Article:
Seven Pounds Review
If the idea of Will Smith spending two hours acting ambiguously and whimpering a lot sounds like an appealing prospect, then his latest film: Seven Pounds is going to be right up your alley! Big Willie plays Ben Thomas, a slightly bi-polar IRS agent haunted by a tragic event, who is spending his days making altruistic gestures in the lives of a series of people. His pet project is Emily Posa, a woman with a congenital heart defect and rare blood type, which pretty much guarantees she’s buggered, but Ben sweeps into her life and uses his IRS discretion to freeze her medical debt and sets himself up as her emotional benefactor, rekindling the romantic desires her illness has put a block on, but breaking through the bottled up anguish in Ben’s heart is a difficult prospect. Words cannot describe how interminably pretentious Seven Pounds is. Think Alejandro González Iñárritu meets Paul Haggis and multiply the self importance by ten thousand and you might get the idea of the tone of this film.
I actually didn’t mind Big Willie’s previous collaboration with Gabriele Muccino: The Pursuit of Happyness, because despite all the soapy melodrama it told a life-affirming story about a charming man, played by one of the most charismatic stars in Hollywood. Ben Thomas is almost completely charmless, in a desperate attempt to evoke suspense from a wafer-thin plotline, we have to sit through a seemingly endless sequence of cryptically vague scenes where Ben’s internal anguish and hesitation spews out in the form of antagonism and aggressiveness towards his best friend and the subjects he’s trying to help. The conflict is far from understated and it’s painfully obvious what Ben is attempting to do and how he plans to do it, so why does it take almost two hours before the details are revealed? Will Smith’s performance is equally overstated, he spends most of the film with his eyes squinted and chin quivering because of all the CONFLICT his character is feeling, he loathes himself and part of him wants others to loathe him, but he also wants to be saved. The dilemma! After two hours of this drivel, I was feeling like I needed to be rescued as well.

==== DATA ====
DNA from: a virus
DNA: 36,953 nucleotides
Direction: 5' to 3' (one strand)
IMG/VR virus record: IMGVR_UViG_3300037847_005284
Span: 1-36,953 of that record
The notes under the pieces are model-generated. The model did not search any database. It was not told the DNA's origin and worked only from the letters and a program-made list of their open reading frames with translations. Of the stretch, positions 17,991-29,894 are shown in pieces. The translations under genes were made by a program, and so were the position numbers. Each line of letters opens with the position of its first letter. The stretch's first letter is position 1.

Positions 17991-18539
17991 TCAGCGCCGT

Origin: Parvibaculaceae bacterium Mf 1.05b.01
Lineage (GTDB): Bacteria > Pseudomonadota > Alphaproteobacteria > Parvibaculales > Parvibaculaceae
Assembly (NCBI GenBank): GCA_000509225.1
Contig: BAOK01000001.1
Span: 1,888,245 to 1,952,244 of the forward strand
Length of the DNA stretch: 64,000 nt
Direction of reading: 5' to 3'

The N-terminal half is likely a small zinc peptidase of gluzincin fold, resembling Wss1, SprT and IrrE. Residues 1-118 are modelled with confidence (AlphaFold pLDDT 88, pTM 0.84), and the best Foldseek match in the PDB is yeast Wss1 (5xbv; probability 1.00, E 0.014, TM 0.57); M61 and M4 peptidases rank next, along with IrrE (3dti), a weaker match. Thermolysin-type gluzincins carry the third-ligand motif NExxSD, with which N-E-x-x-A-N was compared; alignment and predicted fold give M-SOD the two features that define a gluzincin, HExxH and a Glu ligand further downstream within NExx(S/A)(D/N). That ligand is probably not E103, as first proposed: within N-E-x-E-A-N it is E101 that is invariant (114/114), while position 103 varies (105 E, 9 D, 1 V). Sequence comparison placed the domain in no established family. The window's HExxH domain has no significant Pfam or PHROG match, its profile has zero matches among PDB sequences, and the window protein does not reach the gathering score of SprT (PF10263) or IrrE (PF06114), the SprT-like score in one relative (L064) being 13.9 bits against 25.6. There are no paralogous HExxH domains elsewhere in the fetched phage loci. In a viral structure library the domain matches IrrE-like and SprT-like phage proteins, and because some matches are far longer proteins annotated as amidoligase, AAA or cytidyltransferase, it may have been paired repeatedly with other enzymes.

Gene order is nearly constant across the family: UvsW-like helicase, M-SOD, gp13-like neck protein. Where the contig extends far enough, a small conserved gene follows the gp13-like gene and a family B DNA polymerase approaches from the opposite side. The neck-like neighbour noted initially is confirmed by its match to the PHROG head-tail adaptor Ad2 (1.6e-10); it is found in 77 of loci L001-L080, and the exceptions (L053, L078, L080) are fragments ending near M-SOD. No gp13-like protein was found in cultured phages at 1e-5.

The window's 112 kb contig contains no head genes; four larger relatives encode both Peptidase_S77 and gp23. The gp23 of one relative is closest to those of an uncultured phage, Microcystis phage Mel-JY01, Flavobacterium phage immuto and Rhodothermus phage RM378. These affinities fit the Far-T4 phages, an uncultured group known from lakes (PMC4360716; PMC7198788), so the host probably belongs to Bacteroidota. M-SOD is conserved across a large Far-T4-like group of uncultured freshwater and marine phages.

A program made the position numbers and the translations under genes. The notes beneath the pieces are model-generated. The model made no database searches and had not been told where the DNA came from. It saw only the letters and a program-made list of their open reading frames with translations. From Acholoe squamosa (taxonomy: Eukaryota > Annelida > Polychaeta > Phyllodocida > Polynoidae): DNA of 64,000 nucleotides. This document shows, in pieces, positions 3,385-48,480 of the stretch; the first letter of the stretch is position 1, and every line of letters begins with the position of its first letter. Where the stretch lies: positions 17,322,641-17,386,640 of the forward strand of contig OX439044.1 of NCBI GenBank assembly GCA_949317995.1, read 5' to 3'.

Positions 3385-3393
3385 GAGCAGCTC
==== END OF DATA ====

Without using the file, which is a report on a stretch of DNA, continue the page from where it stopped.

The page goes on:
The Disc: Almost as luscious as Sony’s work on Casino Royale, Seven Pound’s transfer falls just shy of that standard because of slightly inconsistent black levels - the Dolby TrueHD 5.1 audio is equally impressive. Almost all the extras can be watched in less than an hour, so most are quite superficial; the Creating the Perfect Ensemble feature is about the most substantial. Gabriele Muccino’s commentary is very technical and dry, which means it can serve the dual purpose of also curing insomnia.